Two new emergency repair disks can save your server and Active Directory.

When Disaster Strikes

Two new emergency repair disks can save your server and Active Directory.

Product Information
ERDisk 6.0
ERDisk for Active Directory,
starting at $99/server or $10/workstation
Aelita Software
Powell, Ohio
614-336-9223
www.aelita.com

Aelita Software has two new products that work hand in hand to alleviate some of system administrators' worst nightmares. ERDisk 6.0, combined with ERDisk for Active Directory (AD), solves two of the most troublesome problems currently facing AD administrators.

ERDisk 6.0 is the latest release in the ERDisk line. The idea's simple: ERDisk allows administrators to remotely collect Registries from critical workstations and servers. If a workstation or server goes belly up, ERDisk comes to the rescue.

When disaster strikes, ERDisk has two methods to get you out of the jam. If the machine is bootable and can see the network, you can use the "Remote Restore" feature. From the centralized console, simply click both the target machine and the desired backup set, and the system gets its previous system set. Unfortunately, some disasters could take the target PC offline, rendering the "Remote Restore" feature useless. In this case, ERDisk has an "Advanced Aelita ERD" function, which can copy the saved critical information to a floppy or CD-ROM. Once on removable media, the target machine can be booted from the media, and the system can be restored.

While ERDisk facilitates the resuscitation of your workstations and server, ERDisk for AD does the same for AD.

Since the release of Windows 2000 and AD, there's been the thorny problem of AD database restoration. The built-in restoration features of Win2K are clunky. If you have a slip of the keyboard and delete just one organizational unit (OU) or user, you must reboot a domain controller into Directory Services Restoration Mode, restore the entire AD database, then use the tragically intricate NTDSUTIL utility to perform an Authoritative Restoration of just the slice of the affected AD database. To add insult to injury, this only works if you know the full LDAP path of the deleted object(s). [See Jeremy Moskowitz's "Active Directory Back from the Dead" article in the February 2001 issue online. —Ed.]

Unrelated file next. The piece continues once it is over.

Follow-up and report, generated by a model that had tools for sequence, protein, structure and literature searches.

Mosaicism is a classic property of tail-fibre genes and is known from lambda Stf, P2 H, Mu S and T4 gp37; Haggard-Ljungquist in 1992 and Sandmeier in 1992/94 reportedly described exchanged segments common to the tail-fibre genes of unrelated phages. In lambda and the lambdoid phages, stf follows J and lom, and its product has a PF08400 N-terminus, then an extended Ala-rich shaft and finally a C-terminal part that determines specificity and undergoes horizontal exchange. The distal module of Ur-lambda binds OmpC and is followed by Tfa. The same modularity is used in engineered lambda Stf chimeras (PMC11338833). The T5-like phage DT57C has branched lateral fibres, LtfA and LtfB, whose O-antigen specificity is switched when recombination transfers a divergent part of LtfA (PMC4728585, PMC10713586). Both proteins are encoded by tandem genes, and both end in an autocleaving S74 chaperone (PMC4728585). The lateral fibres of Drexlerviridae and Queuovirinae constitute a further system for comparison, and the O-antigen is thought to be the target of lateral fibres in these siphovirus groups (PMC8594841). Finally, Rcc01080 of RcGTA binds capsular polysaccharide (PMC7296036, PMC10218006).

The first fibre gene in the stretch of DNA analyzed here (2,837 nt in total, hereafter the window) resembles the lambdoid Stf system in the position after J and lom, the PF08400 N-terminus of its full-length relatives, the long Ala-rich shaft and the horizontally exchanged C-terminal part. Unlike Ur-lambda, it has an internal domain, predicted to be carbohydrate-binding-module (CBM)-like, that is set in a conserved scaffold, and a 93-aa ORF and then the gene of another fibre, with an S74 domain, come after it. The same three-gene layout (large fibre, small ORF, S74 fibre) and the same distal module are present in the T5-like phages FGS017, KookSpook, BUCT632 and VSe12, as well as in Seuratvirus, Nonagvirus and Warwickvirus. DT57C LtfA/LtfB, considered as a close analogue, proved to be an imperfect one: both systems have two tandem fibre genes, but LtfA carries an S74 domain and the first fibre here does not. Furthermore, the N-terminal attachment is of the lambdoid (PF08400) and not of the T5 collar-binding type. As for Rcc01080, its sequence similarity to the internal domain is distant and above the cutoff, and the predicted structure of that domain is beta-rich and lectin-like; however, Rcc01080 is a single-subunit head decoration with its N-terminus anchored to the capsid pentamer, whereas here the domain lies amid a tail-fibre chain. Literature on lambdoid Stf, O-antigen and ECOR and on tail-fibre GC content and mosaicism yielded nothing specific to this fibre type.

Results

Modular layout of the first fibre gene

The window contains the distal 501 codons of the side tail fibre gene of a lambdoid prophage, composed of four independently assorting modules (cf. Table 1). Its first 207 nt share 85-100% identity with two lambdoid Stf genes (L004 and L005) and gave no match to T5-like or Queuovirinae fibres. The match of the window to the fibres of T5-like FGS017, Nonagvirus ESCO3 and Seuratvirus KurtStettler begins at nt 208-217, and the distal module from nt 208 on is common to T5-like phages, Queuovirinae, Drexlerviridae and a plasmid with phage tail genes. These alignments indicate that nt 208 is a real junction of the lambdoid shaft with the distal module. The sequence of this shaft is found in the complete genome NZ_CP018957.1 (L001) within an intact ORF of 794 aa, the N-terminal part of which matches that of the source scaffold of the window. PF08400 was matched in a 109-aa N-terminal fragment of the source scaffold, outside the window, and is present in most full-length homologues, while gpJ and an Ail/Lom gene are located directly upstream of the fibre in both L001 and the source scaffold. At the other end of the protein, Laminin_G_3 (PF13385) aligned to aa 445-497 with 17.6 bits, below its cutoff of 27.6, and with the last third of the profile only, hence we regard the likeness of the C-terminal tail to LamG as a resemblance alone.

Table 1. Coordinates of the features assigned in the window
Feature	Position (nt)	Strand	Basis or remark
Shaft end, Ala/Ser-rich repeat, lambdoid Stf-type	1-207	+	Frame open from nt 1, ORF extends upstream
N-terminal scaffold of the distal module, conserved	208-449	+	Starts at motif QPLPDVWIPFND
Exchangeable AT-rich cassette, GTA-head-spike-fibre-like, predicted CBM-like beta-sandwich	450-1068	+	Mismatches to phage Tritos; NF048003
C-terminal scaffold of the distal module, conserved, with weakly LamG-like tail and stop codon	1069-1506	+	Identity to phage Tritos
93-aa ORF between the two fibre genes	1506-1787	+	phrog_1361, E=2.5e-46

ERDisk for AD changes all of that.

ERDisk for AD's main feature allows for a granular restoration of OUs and/or users via an easy-to-use graphical user interface. To set it up, use ERDisk to manually back up the AD database or set a schedule to perform regular backups. Once disaster strikes, simply fire up ERDisk for AD, run the Restore Wizard (see Figure 1), highlight the AD database backup set you wish to restore from, and select the deleted OU and/or user. In moments, the deleted OU and/or user is back in AD Users and Computers. It was even able to restore the delegated permissions on the OU!

ERDisk 6.0
Figure 1. Granularly restore just one user, if desired, using Aelita's ERDisk for Active Directory.

This is a wholly useful product suite and one that should be seriously considered as a time- and money-saver for even a moderate-size environment. However, consider that tape-backup software vendors may be setting their sights on ERDisk for AD's granular restoration functionality and provide it built into their backup offerings. Before jumping into the purchase of ERDisk and ERD for AD, check with your tape-backup software vendor to see if this functionality is on the horizon.

About the Author

Jeremy Moskowitz, a Group Policy MVP, is the Chief Propeller-Head for Moskowitz, Inc. and GPanswers.com. He is one of less than a dozen Microsoft MVPs in Group Policy. Since becoming one of the world's first MCSEs, he has performed Active Directory and Group Policy planning and implementations for some of the nation’s largest organizations. His latest books are Group Policy Fundamentals, Security, and Troubleshooting and Creating the Secure Managed Desktop: Group Policy, SoftGrid, and Microsoft Deployment and Management Tools.


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